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    As quoted from Warwicks admissions statement:

    'Contextual data will be used in selection decisions during the main admissions cycle for only a small number of pilot courses in the 2013 admissions cycle, and these pilots will contribute towards research into possible further use of contextual data.'

    Is Economics(L100) one of these pilot courses? and if so what is taken to be contextual data?

    I completely accept the fact that there is no minimum level of GCSEs required to gain an offer and that GCSEs are not the only factor in the decision process. But as with any university course there must be an average number of A*s at GCSE for successful applicants. My question then is what is the average number of A*s for successful applicants for the last admissions cycle for Economics(L100)? and what approximate % of the offers last year were made to applicants with less than 7A*?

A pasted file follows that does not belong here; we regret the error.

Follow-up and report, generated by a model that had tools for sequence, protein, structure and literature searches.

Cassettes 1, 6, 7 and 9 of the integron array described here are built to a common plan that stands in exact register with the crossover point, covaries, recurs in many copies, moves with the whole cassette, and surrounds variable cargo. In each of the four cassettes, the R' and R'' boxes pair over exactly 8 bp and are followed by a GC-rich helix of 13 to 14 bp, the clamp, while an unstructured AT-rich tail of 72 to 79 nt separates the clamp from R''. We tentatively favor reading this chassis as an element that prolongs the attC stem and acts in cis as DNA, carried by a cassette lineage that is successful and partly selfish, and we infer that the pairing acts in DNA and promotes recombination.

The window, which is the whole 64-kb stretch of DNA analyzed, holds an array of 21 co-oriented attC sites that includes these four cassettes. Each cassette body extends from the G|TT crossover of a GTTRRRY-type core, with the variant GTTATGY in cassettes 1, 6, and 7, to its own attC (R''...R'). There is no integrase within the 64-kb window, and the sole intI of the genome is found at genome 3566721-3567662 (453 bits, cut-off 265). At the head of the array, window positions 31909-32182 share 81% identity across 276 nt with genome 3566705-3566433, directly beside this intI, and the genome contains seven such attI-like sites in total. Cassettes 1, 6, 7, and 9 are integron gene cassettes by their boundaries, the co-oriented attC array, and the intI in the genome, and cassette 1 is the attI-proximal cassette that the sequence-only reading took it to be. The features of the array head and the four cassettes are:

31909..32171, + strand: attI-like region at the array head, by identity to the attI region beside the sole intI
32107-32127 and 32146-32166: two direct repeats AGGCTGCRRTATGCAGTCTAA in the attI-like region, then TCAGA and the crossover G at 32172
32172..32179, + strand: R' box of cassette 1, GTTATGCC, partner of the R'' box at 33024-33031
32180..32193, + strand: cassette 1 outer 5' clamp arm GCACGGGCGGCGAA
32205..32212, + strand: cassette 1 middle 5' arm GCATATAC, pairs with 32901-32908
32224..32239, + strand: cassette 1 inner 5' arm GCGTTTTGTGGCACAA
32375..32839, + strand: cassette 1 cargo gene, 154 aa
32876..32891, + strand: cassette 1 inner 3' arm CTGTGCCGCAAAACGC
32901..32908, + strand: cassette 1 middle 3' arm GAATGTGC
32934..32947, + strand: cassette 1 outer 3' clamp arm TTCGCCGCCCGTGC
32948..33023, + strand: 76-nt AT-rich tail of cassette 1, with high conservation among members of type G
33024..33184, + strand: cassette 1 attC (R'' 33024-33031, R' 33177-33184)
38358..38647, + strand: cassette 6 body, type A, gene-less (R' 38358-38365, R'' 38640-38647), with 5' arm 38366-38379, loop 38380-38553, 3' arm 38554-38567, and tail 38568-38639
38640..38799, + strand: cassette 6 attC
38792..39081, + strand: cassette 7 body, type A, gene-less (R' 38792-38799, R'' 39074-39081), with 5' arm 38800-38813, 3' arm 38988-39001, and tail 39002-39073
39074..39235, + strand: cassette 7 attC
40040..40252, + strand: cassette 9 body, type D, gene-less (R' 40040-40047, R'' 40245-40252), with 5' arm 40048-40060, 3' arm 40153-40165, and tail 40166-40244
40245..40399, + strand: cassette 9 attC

I am also aware that not all applicants especially those from overseas will have taken GCSEs and that this maybe reflected in the statistics.
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    Hi,

    When do you plan to start giving out offers? Or have you done so already?

    Many Thanks
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    (Original post by Fas)
    would just like to know - how does the new Government rules about unlimited students being able to enter with atleast ABB at A-level - how does this affect the University of Warwick ? i was under the impression that this rule was for Clearing only but some say thats not the case.